Tourists! Flocks, herds and throngs of them. They always seem to congregate in places filled with luxury lodges, curios shops and high speed wi-fi. More often than not, these upmarket drawcards are in postcard-perfect locations marketed worldwide as the place to spend some dollars. Botswana’s Chobe National Park and its immediate surroundings is exactly such a place. Naturally, we try and avoid places where game-viewer vehicle rush hour traffic is a thing. However, there is likely a reason why this area is so popular, so we did our best to find out why, looking beyond the main tourist trail to explore the various facets the area has on offer. Here are some of the adventures we enjoyed.

Not your average booze cruise

Starting off strongly on the tourist trail, a cruise on the Chobe River is highly recommended. Forming the border between the park and Namibia, this unique river system joins the Zambezi at Kasane just outside the park and can flow both into or out of the Zambezi depending on flood and rain levels. It is an absolute haven for wildlife in an otherwise rather dry park, and birds flock to the floodplains, islands and waterways in their thousands to breed and feed. One has to put up with many other boats filled with straw-hatted Karens more interested in the cooler box, or swivel-chaired retirees wielding 800 mm lenses to presumably photograph bird eye balls (yes, we are jealous). However, it was still very much worth it.

We saw herds of drinking elephants closer than we ever dreamt possible – no 800 mm even needed. Water-loving red lechwes lazed about on the weeded margins and even a few puku, their scarcer cousins, put in a guest appearance. Masses of buffalo sloshed through the flooded islands with yellow-billed oxpeckers and egrets in attendance. We saw wonderful birds new to us, such as rare long-toed lapwings, oddly shaped collared pratincoles, agile African skimmers, and black egrets playing ‘night time day time’ in the shallows. Fish eagles, kingfishers and a plethora of storks posed patiently for us, as if to ask ‘did you get my good side?’.

Drive on the wild side

We opted out of the 3-hour organised game drives and instead made our own self-drive day through the river section of the park, not only to make the most of the day but also of the exorbitant park fees that escalate faster than the South African fuel price. While having our morning coffee next to the river, we waited for the dust clouds left by the convoys of Ferrari safari vehicles to settle. We then slowly made our way along the river, taking the little detours and sampling all the viewpoints. It became obvious that the Chobe River is equally spectacular from land for different reasons. Great white pelicans fishing in groups, an Ovambo sparrowhawk plucking its kill, and a swamp boubou calling from the thicket. Bradfield’s hornbills working the sandy ridges, African yellow white-eyes cheerfully flying between flowers, and a white-browed coucal hopping through the grassy shrubbery. And these are just a few of the highlights!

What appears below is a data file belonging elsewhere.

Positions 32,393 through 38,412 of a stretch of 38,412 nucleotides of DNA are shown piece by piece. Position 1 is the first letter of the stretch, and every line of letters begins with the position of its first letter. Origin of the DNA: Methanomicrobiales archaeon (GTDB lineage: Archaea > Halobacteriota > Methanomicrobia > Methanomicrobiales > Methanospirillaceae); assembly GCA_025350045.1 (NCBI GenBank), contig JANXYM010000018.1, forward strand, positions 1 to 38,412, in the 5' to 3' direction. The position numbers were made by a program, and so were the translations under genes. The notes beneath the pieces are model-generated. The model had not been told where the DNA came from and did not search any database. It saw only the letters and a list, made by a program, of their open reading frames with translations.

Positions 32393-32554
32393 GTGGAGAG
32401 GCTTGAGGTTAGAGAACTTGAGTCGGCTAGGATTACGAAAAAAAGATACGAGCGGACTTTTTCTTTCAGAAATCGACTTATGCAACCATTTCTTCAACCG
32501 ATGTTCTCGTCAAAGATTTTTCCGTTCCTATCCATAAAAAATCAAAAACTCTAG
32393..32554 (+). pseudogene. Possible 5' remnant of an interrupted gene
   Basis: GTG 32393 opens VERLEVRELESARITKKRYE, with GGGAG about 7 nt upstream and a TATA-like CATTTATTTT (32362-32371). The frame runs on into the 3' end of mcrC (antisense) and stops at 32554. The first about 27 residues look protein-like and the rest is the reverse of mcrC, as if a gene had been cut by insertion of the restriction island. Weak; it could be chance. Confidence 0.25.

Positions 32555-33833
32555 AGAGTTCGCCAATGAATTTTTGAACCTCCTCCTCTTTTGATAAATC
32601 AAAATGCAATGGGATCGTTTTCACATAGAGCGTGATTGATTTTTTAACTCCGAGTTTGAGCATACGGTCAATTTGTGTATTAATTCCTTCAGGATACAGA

We chanced upon a lioness coming down to drink and followed her around before another vehicle eventually ended our alone-time with the beautiful cat. Game abounds along the Chobe – we drove next to the river for the entire day and saw herds of zebra, impala, red lechwe, buffalo, waterbuck, giraffe and elephant almost continuously. Lions clearly also enjoy the masses of game along the river, as we saw three separate groups during the day. We napped under an old Baobab before the afternoon drive back and ended the day with a gloriously red sunset, complete with fishing skimmers flying low over the still and glistening water.

Here be tigers

Whilst the Chobe’s banks are stalked by lions and leopards, its waters are patrolled by tigerfish. We just had to go hunting for the enigmatic striped water dog and rigged our fly rods for a morning on the river. We fished the area around Impalila Island, working the runs around rocky outcrops housing hundreds of roosting yellow-billed storks and various breeding egrets. In the end Deo connected to a beautiful fish with a typical Zambezi setup – a fast sinking fly line and purple clouser pattern fished along deep seams. The powerful fish made its presence known with many jumps before we netted it to admire its deep red tail colours, strong bony teeth and beautiful racing stripes. Richard, our entertaining boatsman, was almost converted to fly fishing in the process and enquired thoughtfully about this strange way of fishing that, in his words, ‘makes you compete directly with the fish without an advantage – whaaaau!’.

The other ninety percent

The main hub of Chobe is along the river and in Kasane. This, however, only forms a very small portion of the park itself. The vast majority lies further South and includes the Savuti and Linyanti sections. We ventured further afield, staying a while at the lovely Muchenje campsite before driving through the Savuti section to the Mababe gate. The drive itself included some of the deepest sand we had ever encountered, but the wild beauty of the area more than makes up for it. Some highlights include Arnot’s chats, the largest buffalo herd ever (think whole-horizon-filled large), a big clan of hyenas feasting on an elephant ‘cadaver’ (as a foreign tourist put it), and a lovely lunch under a huge apple leaf tree in a glade of leadwoods. We would love to explore this area more next time.

Over the week we spent here, the Chobe area showed us some of her charms. It is likely one of the few places in the world with so much game that you are indeed, as the marketing brochures promise, guaranteed of spectacular sightings. You will do equally well avoiding the socks-and-slops brigades and looking up the less trodden wonders. So then, after all is said and done, will we return to the Chobe National Park? We say, it will be impossible not to.